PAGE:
CHICAGO -- Your brain may be determining what car you buy before you've even taken a test drive. A new study gauging the brain's response to product branding has found that strong brands elicit strong activity in our brains. The findings were presented today at the annual meeting of the Radiological Society of North America (RSNA).
"This is the first functional magnetic resonance imaging (fMRI) test examining the power of brands," said Christine Born, M.D., radiologist at University Hospital, Ludwig-Maximilians University in Munich, Germany. "We found that strong brands activate certain areas of the brain independent of product categories."
"Brain branding" is a novel, interdisciplinary approach to improve the understanding of how the mind perceives and processes brands. Using modern imaging methods, researchers are now able to go beyond marketing surveys and gather information on how the brain responds to a particular brand at the most basic level.
"Brain imaging technologies may complement methods normally used in the developing area of neuroeconomics," Dr. Born said.
Dr. Born and colleagues used fMRI to study 20 adult men and women. The volunteers were all right-handed, had a mean age of 28 years and possessed a high level of education.
While in the fMRI scanners, the volunteers were presented with a series of three-second visual stimuli containing the logos of strong (well-known) and weak (lesser-known) brands of car manufacturers and insurance companies. A brief question was included with each stimulus to evaluate perception of the brand. The volunteers pressed a button to respond using a four-point scale ranging from "disagree" to "agree strongly." During the sequence, the fMRI acquired images of the brain, depicting areas that activated in response to the different stimuli. In addition to the questions asked during the scanning, the volunteers were given questionnaires prior and subsequent to fMRI.
The results showed that strong brands activated a network of cortical areas and areas involved in positive emotional processing and associated with self-identification and rewards. The activation pattern was independent of the category of the product or the service being offered. Furthermore, strong brands were processed with less effort on the part of the brain. Weak brands showed higher levels of activation in areas of working memory and negative emotional response.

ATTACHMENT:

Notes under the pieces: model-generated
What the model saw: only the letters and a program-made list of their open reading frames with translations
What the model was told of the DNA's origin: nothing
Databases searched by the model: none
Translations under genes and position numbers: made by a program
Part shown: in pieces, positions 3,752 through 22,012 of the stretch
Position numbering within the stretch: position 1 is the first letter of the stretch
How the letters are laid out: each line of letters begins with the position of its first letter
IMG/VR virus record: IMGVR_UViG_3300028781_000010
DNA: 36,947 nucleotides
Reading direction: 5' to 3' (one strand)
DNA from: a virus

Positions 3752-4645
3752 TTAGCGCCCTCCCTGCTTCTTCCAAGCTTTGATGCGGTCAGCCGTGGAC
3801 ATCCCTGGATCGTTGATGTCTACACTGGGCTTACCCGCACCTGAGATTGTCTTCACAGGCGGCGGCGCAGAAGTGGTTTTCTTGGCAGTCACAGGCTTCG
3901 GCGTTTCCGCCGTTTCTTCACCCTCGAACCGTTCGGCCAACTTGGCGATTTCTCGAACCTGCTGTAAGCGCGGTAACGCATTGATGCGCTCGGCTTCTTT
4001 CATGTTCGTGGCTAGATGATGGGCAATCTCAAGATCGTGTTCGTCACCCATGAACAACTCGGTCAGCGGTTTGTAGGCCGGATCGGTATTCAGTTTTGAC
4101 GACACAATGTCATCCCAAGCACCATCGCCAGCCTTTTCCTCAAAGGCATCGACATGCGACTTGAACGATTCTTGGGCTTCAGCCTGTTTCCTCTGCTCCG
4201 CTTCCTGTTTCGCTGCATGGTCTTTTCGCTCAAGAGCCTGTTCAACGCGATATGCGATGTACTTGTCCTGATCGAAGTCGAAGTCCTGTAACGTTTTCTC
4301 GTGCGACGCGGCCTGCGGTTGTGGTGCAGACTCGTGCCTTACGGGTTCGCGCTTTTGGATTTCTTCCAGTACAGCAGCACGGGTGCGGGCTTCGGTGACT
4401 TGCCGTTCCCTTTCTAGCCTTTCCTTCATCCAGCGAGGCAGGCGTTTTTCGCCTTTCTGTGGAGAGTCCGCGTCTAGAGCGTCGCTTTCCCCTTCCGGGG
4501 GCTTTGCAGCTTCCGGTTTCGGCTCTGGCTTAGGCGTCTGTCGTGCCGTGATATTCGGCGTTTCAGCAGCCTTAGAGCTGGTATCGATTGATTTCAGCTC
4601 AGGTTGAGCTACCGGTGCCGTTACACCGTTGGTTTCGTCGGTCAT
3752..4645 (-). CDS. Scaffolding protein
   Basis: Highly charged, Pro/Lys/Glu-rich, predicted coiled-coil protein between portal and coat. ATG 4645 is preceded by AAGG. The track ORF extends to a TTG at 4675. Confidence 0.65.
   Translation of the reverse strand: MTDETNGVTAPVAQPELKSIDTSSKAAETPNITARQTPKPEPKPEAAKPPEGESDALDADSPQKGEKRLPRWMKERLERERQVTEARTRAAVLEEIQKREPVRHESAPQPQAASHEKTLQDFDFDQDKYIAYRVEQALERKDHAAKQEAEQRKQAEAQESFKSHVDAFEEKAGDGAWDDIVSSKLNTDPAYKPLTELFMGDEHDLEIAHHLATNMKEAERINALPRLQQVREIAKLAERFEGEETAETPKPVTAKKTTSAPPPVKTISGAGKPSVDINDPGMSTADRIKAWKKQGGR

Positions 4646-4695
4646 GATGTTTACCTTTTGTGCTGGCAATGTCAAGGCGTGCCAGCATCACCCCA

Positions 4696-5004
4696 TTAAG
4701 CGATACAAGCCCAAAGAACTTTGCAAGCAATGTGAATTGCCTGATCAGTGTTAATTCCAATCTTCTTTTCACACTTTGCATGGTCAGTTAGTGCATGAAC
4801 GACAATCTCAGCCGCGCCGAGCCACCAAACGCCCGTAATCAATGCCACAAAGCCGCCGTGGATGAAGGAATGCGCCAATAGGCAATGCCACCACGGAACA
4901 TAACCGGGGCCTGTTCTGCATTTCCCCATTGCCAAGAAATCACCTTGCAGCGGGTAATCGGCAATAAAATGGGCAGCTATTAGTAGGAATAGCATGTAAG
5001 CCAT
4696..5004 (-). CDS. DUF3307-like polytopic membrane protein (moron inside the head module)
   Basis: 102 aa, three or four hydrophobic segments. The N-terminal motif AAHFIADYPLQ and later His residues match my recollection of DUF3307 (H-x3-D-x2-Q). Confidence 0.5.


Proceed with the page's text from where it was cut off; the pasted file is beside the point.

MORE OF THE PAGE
Dr. Born believes that this research will be used as a benchmark to improve the understanding of the processing of brand-related information.
"The vision of this research is to better understand the needs of people and to create markets which are more oriented towards satisfaction of those needs," she said. "Research aimed at finding ways to address individual needs may contribute to a higher quality of life."
Co-authors are Stefan O. Schoenberg, M.D., Ph.D., Maximilian F. Reiser, M.D., Thomas M. Meindl, M.D., and Ernst Poeppel, M.D.
Note: Copies of RSNA 2006 news releases and electronic images will be available online at RSNA.org/press06 beginning Monday, Nov. 27.
RSNA is an association of more than 40,000 radiologists, radiation oncologists, medical physicists and related scientists committed to promoting excellence in radiology through education and by fostering research, with the ultimate goal of improving patient care. The Society is based in Oak Brook, Ill.
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